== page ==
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Leaving Washington

Leaving Washington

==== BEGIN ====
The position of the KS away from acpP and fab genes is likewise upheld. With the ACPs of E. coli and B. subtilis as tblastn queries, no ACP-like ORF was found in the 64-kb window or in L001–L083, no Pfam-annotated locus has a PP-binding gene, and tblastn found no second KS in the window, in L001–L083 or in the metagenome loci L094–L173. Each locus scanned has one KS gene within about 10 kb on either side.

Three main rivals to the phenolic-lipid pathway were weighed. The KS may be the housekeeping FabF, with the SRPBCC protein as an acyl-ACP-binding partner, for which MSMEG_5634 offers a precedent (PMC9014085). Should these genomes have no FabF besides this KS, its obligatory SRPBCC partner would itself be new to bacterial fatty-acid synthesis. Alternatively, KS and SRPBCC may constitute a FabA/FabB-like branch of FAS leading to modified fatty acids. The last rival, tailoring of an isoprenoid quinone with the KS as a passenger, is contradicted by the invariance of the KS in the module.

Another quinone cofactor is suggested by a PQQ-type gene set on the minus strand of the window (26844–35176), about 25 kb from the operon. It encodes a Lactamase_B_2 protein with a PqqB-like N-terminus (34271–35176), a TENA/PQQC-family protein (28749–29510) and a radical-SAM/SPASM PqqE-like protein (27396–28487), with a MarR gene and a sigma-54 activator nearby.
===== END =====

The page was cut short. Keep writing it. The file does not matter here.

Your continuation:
My time as a "professor-in-residence" at the Mennonite Central Committee - Washington Office ended yesterday. I thoroughly enjoyed my three weeks of shadowing staffers, experiencing several religious-political efforts in town, researching through the Office's archives, and holding discussions on issues of religion, politics, and communication. I appreciate the work of MCC's Washington Office, and I am glad Mennonites have maintained an office in the nation's capital for forty-five years. Their presence is needed to offer a prophetic witness to government leaders. And the staff are great, fun people who enriched my time there. Although I have made many trips to Washington, D.C., over the years, this is the most time I have spent here and I saw many parts of the the political process I had not previously experienced. This time here was a bit odd, though, since it seemed much of the city is under renovation. I previously noted the scaffolding and work at the Supreme Court building (here) and the Martin Luther King, Jr. Memorial (here), but scaffolding also covers a couple of Smithsonian museums, as well as some churches and other buildings near the National Mall. During my time here a few places like the Lincoln Memorial and the National Cathedral briefly shut down for cleaning after being vandalized with green paint. And the Washington Monument remains covered in scaffolding from ground to tip as workers repair damage caused by a 2011 earthquake (the photo is one I took of the Washington Monument). It almost seemed like all of Washington, D.C., is being fixed - except for the politics! Instead of following large corporations, special interests, or partisan hacks, perhaps we should listen more carefully to groups like the MCC - Washington Office to fix a broken political system.

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